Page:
由 John R. Fischer
, Senior Reporter | March 30, 2020
Ventec Life Systems and automaker General Motors have teamed up to produce ventilators for COVID-19 patients. The two discussed their plans on Friday, following a criticizing tweet made against GM by President Donald J. Trump.
"This unique partnership combines Ventec's respiratory care expertise with GM's manufacturing might to produce sophisticated and high-quality critical care ventilators," said Chris Kiple, CEO of Ventec Life Systems, in a statement. "This pandemic is unprecedented and so is this response, with incredible support from GM and their suppliers. Healthcare professionals on the front lines deserve the best tools to treat patients and precision critical care ventilators like VOCSN are what is necessary to save lives."
Both plan to build Ventec Life Systems’ VOCSN critical care ventilators at GM’s manufacturing facility in Kokomo, Indiana.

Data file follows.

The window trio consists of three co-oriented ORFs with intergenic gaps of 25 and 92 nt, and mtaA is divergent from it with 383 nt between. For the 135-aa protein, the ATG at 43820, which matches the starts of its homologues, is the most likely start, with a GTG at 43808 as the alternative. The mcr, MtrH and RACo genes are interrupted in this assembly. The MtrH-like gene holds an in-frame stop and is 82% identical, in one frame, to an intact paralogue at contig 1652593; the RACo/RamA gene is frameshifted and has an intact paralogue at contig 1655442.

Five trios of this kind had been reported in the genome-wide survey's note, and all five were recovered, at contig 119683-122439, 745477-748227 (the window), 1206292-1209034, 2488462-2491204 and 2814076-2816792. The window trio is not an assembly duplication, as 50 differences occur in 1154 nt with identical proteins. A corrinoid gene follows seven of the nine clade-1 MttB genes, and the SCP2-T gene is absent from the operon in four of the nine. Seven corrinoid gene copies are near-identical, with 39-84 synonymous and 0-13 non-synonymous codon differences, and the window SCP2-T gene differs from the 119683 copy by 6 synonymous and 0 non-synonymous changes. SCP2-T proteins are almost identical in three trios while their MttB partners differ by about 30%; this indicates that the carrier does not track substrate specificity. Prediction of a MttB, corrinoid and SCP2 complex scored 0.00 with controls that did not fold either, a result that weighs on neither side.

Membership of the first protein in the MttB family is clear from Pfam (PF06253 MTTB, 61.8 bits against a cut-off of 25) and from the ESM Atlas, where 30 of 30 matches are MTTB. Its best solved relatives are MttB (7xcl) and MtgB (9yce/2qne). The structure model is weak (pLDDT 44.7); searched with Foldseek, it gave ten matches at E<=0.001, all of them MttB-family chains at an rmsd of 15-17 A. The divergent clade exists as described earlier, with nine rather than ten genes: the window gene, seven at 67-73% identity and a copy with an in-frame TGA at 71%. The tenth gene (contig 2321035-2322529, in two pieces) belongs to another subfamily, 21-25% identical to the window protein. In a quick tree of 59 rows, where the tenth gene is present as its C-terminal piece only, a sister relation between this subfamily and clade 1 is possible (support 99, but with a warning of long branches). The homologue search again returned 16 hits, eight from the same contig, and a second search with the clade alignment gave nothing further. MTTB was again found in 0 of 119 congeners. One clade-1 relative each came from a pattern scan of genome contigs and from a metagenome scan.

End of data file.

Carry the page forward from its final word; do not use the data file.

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The White House originally planned to announce the deal on Wednesday, but pulled back after the Federal Emergency Management Agency questioned the worth of the $1 billion price tag. A misunderstanding also arose in how many ventilators GM could produce, with the White House originally expecting 20,000 over a three-week period, out of 80,000 in total. The 20,000 expectation was downgraded to 7,500, and then 5,000, due to a lack of commonality between automaking and ventilator manufacturing, according to The New York Times
, which notes that the number is subject to change.
Trump criticized GM for the decrease in numbers and ordered it to begin production immediately. He also took aim at Ford, which recently inked separate deals with GE and 3M
for ventilator and respirator production, respectively.
"General Motors MUST immediately open their stupidly abandoned Lordstown plant in Ohio, or some other plant, and START MAKING VENTILATORS, NOW!!!!!! FORD, GET GOING ON VENTILATORS, FAST!!!!!!" he tweeted. "They said they were going to give us 40,000 much needed ventilators, 'very quickly'. Now they are saying it will only be 6000, in late April, and they want top dollar."
He later said in an afternoon press conference that the country would “either make or get, in some form, over 100,000 additional units,” more than three times the nation’s annual production, reported The Times